Three of the 16 indicators that make up the Opportunity Index relate to education, but the one indicator of those 16 that most closely correlates with a state's or community's overall Opportunity Index score is the one that measures the proportion of what the index calls "disconnected youth"—people ages 16 to 24 who are neither in school nor employed. For the 2013 index, the researchers found 5.8 million "disconnected" 16- to 24-year-olds, out of a total number of 39.7 million. That's 14.6 percent, a slight increase from the 14.5 percent reported in the 2011 index. In 10 of the country's 25 largest metropolitan areas, the proportion of young people considered "disconnected youth" exceeded the national average.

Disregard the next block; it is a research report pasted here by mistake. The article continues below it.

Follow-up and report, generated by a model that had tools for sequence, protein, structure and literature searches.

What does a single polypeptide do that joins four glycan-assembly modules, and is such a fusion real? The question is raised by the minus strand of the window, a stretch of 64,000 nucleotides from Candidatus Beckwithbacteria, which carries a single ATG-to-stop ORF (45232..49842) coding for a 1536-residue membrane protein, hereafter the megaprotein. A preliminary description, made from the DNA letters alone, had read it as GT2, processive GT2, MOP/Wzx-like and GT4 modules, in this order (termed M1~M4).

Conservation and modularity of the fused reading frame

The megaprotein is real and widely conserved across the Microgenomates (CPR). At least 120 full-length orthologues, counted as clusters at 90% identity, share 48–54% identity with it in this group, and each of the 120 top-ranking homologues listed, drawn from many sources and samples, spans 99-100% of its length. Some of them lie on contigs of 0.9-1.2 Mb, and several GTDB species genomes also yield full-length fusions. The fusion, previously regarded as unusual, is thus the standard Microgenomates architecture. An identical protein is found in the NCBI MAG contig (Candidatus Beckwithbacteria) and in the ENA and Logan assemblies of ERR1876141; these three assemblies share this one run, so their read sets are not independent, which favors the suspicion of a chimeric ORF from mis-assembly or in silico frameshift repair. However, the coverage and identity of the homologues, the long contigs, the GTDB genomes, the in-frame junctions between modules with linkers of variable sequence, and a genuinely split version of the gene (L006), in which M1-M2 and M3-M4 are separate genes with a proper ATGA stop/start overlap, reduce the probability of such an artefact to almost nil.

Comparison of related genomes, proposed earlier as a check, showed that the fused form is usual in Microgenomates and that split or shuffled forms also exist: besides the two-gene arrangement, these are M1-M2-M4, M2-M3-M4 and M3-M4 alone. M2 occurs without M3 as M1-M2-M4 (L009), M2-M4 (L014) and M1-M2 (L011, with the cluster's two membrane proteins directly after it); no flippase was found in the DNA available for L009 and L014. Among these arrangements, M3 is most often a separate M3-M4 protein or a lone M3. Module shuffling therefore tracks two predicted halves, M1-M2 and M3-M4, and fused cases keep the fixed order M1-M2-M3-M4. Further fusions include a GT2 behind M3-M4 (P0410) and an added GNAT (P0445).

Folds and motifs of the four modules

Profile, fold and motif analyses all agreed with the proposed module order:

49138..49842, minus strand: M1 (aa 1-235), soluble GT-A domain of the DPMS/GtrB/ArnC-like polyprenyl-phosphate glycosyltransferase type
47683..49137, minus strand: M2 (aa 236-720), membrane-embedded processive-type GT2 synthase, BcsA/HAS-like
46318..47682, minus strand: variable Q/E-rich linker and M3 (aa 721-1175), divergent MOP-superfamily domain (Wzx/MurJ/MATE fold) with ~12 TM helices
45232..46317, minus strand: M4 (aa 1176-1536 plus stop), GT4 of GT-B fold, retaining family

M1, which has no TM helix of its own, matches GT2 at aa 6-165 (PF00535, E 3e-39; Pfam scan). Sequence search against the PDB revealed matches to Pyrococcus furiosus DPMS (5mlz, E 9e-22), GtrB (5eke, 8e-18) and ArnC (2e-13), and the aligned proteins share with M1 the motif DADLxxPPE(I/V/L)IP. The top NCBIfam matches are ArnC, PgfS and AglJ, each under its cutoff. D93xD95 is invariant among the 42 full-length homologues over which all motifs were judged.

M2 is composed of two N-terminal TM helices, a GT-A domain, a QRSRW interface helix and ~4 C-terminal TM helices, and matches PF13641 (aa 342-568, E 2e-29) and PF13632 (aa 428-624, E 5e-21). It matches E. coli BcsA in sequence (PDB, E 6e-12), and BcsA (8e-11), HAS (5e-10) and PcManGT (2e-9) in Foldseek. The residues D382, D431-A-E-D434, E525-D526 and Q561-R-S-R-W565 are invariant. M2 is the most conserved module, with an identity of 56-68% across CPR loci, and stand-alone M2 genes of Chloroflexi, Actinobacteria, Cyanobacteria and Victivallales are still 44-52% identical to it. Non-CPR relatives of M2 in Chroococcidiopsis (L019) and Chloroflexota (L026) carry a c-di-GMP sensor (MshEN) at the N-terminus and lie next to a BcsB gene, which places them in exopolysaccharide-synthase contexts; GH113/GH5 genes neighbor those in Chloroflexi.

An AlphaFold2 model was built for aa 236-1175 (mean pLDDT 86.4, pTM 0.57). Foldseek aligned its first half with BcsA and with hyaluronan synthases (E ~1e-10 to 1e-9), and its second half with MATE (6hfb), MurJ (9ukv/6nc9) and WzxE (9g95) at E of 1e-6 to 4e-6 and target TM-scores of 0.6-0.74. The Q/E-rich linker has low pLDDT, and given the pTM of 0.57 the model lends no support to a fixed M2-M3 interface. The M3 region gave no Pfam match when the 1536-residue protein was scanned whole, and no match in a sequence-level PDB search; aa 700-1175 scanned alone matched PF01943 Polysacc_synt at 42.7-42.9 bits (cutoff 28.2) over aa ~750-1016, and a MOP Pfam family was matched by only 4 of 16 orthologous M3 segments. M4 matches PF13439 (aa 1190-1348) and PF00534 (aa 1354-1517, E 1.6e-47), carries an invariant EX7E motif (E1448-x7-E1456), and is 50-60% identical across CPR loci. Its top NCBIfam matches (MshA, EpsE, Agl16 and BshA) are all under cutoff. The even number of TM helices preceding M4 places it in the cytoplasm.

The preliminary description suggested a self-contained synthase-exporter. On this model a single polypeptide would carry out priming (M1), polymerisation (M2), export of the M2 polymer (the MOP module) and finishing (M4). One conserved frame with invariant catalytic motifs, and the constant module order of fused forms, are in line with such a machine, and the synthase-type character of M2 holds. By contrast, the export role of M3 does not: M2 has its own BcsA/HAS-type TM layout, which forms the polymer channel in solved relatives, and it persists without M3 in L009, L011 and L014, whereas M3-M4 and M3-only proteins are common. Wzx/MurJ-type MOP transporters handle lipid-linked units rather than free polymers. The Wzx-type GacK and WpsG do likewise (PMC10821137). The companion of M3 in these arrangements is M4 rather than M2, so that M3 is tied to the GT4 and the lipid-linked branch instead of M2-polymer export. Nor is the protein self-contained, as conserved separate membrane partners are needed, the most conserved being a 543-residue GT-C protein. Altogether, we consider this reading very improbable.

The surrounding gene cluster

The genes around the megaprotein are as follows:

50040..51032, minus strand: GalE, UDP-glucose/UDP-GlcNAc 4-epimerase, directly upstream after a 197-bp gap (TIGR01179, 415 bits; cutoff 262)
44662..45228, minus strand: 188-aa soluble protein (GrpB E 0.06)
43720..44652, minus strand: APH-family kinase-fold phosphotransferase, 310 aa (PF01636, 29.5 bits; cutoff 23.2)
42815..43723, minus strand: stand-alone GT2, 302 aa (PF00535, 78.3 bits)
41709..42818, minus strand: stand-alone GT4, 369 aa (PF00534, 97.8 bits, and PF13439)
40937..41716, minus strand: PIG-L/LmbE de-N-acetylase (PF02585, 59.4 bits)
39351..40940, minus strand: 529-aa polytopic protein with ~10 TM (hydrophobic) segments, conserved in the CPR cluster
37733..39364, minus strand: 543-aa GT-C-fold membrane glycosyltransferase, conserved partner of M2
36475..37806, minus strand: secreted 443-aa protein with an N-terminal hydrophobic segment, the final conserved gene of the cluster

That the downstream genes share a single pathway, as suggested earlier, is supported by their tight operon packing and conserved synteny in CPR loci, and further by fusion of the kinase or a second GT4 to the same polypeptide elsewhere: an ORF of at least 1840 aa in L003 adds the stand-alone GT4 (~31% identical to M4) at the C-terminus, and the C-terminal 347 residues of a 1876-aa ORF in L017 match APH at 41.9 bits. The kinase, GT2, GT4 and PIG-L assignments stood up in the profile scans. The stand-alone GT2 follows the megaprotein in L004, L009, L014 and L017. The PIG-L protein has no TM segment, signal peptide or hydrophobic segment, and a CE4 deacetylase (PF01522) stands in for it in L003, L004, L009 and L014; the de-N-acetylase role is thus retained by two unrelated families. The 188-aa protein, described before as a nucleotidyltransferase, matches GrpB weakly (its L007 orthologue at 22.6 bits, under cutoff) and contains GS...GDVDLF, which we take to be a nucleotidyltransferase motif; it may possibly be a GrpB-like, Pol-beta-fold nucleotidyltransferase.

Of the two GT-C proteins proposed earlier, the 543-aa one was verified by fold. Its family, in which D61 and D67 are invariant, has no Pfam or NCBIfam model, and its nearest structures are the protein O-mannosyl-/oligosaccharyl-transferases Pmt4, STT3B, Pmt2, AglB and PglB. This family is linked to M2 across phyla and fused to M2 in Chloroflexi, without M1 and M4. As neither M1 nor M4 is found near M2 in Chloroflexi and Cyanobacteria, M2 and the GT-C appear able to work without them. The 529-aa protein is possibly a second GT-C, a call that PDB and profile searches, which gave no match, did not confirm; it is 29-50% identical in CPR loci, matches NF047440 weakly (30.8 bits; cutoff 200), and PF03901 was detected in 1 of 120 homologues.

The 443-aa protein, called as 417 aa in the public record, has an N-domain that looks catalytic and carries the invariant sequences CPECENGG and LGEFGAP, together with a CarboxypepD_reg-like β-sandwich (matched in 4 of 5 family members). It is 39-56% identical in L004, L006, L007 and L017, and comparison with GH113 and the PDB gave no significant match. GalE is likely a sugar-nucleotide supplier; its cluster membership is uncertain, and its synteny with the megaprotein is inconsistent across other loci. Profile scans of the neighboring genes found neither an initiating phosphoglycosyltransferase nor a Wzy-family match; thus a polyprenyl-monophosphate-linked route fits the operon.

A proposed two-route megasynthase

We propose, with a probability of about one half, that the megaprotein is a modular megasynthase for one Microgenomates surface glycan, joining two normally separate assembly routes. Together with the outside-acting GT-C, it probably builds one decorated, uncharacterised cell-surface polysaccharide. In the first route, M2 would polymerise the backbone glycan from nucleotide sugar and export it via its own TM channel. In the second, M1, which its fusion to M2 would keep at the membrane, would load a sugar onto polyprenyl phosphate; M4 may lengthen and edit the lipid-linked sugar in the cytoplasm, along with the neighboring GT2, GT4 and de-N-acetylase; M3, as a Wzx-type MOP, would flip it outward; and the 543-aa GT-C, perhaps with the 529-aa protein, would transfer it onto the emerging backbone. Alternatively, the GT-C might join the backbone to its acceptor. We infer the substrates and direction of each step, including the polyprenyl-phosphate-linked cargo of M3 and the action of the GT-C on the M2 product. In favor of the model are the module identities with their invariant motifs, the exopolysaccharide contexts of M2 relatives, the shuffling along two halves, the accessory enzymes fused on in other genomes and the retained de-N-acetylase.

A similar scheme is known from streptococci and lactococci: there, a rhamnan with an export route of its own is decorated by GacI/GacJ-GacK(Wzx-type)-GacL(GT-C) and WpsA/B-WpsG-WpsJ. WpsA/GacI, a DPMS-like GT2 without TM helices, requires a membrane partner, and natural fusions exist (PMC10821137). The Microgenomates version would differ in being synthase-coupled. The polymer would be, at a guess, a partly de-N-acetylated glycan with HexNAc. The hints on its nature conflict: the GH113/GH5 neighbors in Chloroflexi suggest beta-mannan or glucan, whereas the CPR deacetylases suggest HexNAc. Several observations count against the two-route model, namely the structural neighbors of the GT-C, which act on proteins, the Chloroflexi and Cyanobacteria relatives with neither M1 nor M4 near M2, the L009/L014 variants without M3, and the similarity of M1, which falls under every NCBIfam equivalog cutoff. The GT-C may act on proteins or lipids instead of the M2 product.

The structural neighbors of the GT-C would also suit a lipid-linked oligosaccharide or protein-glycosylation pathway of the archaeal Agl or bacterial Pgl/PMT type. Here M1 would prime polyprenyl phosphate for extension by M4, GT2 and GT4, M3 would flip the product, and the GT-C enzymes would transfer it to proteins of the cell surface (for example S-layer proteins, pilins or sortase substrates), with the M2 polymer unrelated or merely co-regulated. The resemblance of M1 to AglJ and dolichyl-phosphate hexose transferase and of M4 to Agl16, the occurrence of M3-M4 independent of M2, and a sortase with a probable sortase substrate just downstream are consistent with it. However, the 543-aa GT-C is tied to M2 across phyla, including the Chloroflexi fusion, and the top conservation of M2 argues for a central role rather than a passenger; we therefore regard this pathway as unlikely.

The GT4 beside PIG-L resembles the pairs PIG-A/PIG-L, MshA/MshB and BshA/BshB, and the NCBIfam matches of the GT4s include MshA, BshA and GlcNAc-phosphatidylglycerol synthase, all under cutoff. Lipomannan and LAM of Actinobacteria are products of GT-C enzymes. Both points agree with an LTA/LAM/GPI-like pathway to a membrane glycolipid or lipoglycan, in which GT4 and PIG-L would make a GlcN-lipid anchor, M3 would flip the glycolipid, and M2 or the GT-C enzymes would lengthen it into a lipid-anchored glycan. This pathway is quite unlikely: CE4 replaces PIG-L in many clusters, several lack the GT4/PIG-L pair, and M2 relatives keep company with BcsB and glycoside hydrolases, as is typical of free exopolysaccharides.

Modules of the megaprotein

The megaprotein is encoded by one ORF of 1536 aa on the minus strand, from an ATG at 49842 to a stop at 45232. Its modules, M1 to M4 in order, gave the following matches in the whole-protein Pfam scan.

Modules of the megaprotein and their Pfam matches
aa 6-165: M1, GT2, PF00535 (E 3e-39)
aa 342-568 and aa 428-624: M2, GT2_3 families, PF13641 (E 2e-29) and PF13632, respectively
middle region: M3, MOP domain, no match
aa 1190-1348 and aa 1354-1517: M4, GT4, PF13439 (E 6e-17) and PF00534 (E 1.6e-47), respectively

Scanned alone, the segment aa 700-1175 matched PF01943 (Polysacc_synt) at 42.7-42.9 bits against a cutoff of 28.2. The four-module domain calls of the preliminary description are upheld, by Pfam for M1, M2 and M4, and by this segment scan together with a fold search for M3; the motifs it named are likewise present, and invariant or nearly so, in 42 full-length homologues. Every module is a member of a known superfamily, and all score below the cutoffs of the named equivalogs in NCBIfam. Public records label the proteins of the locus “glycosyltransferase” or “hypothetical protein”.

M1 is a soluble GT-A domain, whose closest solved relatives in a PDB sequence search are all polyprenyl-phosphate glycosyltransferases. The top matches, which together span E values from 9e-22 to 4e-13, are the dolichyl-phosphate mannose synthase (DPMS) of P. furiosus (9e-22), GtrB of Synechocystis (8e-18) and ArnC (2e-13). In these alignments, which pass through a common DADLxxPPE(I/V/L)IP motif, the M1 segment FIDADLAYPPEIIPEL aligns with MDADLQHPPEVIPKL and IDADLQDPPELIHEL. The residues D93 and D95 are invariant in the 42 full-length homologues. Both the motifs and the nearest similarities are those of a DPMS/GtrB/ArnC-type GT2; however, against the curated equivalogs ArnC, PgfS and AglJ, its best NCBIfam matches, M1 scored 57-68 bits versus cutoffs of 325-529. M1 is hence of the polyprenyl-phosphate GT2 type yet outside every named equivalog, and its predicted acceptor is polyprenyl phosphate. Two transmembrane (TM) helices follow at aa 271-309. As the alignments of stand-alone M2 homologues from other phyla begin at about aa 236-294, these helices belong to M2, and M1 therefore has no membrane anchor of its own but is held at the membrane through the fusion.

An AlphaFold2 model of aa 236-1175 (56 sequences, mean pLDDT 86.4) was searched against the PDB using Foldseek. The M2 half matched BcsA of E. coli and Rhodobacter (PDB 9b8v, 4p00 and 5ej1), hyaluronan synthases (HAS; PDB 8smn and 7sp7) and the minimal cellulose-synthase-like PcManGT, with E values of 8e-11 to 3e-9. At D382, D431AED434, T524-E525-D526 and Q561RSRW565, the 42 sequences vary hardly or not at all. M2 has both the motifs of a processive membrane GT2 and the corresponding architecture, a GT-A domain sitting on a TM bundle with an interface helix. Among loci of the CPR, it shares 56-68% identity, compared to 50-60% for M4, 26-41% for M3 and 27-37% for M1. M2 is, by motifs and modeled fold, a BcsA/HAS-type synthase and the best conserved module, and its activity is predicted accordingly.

That measure "has a larger impact on a community's opportunity score than any other," says Mark Edwards, executive director of Opportunity Nation. Reducing that proportion is "one of the biggest levers to increase opportunity," says Mr. Edwards. Some of the disconnected youth have dropped out of high school, some are unemployed high-school graduates, and some are victims of a dysfunctional foster-care situation, says Mr. Edwards.